Check out Better Health by VIC govt for a more detailed explanation here.

So in late February at a follow-up appointment with my GP, I asked if my hormone test results had returned, as I hadn’t heard from my gyno.

And as he sat there, pouring through the numbers, looking for any red numbers to highlight an abnormality, there it was.

Testosterone test - Feb 14
Black & White, but an asterisk usually spells problems testosterone level in Feb 14

Undetectable levels of Testosterone. WTF??!!

How long had it been like this? What caused this? What does this mean? Could this be part of the solution?

The short answer is “it could well be.”

Like all reproductive hormones they fluctuate over the course of a menstrual cycle, so diagnosis or treatment decisions based on one reading can be misleading and potentially dangerous. But when more than one came through at undetectable levels and all my other hormones indicated I was nowhere near peri-menopause, it was clear that for some reason the pituitary gland had stopped sending messages. It had simply turned the chandelier lights off.

Treatment and access to treatment when you’re diagnosed with an androgen deficiency is a complex and hairy beast. Google androgen deficiency, and if you live in North America, Asia or South America there’s no government approved treatment for women – it appears they don’t even recognise it as a medical condition.

If you live in Australia, you will come across many more articles suggesting “there is no standard treatment” and a diagnosis “is controversial” rather than “there is a possibility that this may contribute to the symptoms associated with auto-immune presentation.”

The key is to find a progressive endocrinologist who is prepared to say “we don’t know why it happens, but there are ways to reboot the system.”

I lucked out! I figured it was time! Professor Eden is the ducks-nuts of endocrinology and women’s health. Young, smart, approachable and empathetic.

As he told me, “I’m in the business of giving people hope.”

Butterfly light

He explained the complexity of hormone testing and in particular the complications of measuring testosterone. It simply doesn’t exist! But what he was able to do was explain that testosterone is critical for women, but it’s not the amount circulated in the body that is important, it’s the 1% that is being absorbed by body tissue that is critical to understand. This is what’s critical to restoring energy and chandelier gymnastics.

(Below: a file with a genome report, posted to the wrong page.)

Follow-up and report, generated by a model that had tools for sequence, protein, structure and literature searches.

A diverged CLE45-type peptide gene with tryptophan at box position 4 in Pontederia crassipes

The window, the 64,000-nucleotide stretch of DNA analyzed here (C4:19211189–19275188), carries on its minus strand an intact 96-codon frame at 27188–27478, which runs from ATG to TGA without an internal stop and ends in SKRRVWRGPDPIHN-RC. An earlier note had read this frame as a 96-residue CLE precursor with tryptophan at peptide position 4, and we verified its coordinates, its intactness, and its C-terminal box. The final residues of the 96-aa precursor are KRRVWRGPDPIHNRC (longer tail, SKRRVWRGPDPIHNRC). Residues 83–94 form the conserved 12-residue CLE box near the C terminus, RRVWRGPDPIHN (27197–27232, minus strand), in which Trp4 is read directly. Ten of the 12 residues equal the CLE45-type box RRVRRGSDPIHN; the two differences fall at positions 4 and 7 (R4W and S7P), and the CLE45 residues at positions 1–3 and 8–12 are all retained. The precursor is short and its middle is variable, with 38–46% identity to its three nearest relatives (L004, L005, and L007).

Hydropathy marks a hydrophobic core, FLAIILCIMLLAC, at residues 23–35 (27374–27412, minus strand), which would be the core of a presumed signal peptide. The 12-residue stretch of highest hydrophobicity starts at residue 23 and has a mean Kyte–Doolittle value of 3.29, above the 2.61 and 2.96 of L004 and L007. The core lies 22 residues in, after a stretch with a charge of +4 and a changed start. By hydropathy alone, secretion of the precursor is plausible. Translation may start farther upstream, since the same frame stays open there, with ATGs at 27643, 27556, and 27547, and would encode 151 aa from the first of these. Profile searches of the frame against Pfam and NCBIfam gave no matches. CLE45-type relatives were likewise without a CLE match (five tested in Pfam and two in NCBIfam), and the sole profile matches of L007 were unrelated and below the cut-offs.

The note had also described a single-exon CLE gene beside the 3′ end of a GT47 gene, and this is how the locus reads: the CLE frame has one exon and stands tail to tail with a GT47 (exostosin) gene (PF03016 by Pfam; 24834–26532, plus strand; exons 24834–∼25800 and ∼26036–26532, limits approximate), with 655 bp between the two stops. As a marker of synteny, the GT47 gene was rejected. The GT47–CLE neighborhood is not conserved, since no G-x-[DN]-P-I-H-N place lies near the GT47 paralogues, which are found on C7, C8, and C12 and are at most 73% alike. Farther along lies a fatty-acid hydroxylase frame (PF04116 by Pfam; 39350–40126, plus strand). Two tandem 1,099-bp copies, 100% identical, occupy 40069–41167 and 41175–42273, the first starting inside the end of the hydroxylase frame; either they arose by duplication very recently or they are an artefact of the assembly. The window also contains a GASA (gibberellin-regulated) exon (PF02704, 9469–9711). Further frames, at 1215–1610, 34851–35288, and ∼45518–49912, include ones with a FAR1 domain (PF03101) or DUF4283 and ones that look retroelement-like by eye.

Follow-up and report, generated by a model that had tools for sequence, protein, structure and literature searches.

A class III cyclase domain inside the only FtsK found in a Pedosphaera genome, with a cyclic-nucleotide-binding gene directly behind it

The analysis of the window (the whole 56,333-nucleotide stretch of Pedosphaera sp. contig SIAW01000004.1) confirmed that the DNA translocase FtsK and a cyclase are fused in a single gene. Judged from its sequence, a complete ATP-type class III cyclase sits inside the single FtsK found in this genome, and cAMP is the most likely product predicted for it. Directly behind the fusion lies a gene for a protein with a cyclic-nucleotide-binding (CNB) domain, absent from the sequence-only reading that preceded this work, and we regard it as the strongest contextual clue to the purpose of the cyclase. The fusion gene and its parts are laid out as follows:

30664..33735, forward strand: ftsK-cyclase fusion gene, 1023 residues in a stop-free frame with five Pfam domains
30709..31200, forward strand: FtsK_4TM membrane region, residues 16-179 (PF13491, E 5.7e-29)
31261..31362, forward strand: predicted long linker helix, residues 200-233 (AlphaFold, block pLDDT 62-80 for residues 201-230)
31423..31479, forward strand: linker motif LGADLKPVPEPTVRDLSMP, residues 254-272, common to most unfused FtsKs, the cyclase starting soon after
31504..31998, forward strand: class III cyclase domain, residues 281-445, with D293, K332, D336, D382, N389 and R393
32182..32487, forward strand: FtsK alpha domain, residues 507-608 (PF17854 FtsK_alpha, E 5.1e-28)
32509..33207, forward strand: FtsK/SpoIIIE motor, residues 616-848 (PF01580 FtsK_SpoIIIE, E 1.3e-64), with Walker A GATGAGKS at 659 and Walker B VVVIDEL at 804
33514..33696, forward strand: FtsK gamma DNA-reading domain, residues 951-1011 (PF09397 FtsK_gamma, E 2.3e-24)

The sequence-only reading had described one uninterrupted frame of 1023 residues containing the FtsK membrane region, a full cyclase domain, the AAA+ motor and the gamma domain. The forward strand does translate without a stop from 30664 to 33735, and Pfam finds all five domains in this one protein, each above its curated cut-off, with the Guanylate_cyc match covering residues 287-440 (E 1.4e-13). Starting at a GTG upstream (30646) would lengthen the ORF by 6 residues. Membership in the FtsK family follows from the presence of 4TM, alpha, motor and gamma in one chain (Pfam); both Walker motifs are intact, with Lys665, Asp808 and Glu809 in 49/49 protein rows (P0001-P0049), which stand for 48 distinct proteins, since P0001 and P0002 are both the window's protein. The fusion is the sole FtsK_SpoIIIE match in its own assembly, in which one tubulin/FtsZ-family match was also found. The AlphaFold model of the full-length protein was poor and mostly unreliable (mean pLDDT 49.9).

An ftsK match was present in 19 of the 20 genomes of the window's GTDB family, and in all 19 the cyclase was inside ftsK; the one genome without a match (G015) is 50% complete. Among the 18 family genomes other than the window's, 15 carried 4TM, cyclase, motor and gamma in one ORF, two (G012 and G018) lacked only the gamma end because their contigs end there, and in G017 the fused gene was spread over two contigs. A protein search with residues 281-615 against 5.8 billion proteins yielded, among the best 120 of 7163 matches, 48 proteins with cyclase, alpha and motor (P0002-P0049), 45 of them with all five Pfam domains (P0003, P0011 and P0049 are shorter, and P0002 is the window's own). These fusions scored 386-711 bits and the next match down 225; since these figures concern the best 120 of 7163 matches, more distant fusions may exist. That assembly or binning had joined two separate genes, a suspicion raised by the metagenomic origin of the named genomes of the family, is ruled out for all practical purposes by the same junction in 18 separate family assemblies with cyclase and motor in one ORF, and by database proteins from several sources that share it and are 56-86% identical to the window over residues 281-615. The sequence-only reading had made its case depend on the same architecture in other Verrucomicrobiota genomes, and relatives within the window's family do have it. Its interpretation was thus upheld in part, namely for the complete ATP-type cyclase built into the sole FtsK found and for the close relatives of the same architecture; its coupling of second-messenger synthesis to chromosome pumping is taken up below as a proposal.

Then he grabbed a pen and a piece of” to-be-recycled” paper and scribbled down a formula, which brought back nightmares of my university statistics class, and circled SGBH – sex globule binding hormone.

A healthy woman in her reproductive years should have a reading between 6-9. I was sitting at < 0.1. Clearly room for improvement.

The plan: application of transdermal (skin) testosterone cream daily for a month, retest the SGBH and see how my body responds.

There is one pharmacy in Australia that currently provides a testosterone cream specifically designed for women, and it is only available on script. The concentrated dosage is 1% and of course, the tube is pink!

I’ve been on testosterone cream since April, increasing in dosage and concentration under the direction of Professor Eden. I’ve also been off all other medication (except for a period post-operative to confirm my gyno’s original suspicions) because I wanted to see whether any improvement in my fatigue, joint pain and mood was directly due to the hormone replacement.

I can report that in the last four weeks I have been able to:

  • return to a one-hour yoga class – weekly
  • return to a one-hour Pilates class – weekly
  • I got back on my road bike for 30mins, in windy conditions and didn’t blow away or blow up (once)
  • I survived my first 45 min spin class
  • And today, I returned to the pool and did slow laps with the rehab crowd (all over 50 and recovering from life’s little shocks and wake-up calls).
It's been a while since the swim bag
Franki inspecting the bio-degrading bag in my swim bag!

And last week’s blood test results showed an SGBH result of 3. Finally heading in the right direction.

Is this part of the puzzle?

I don’t know. But I’ll keep you posted.

 

For more info about Androgen deficiency, Monash Uni has some great info…check it out here.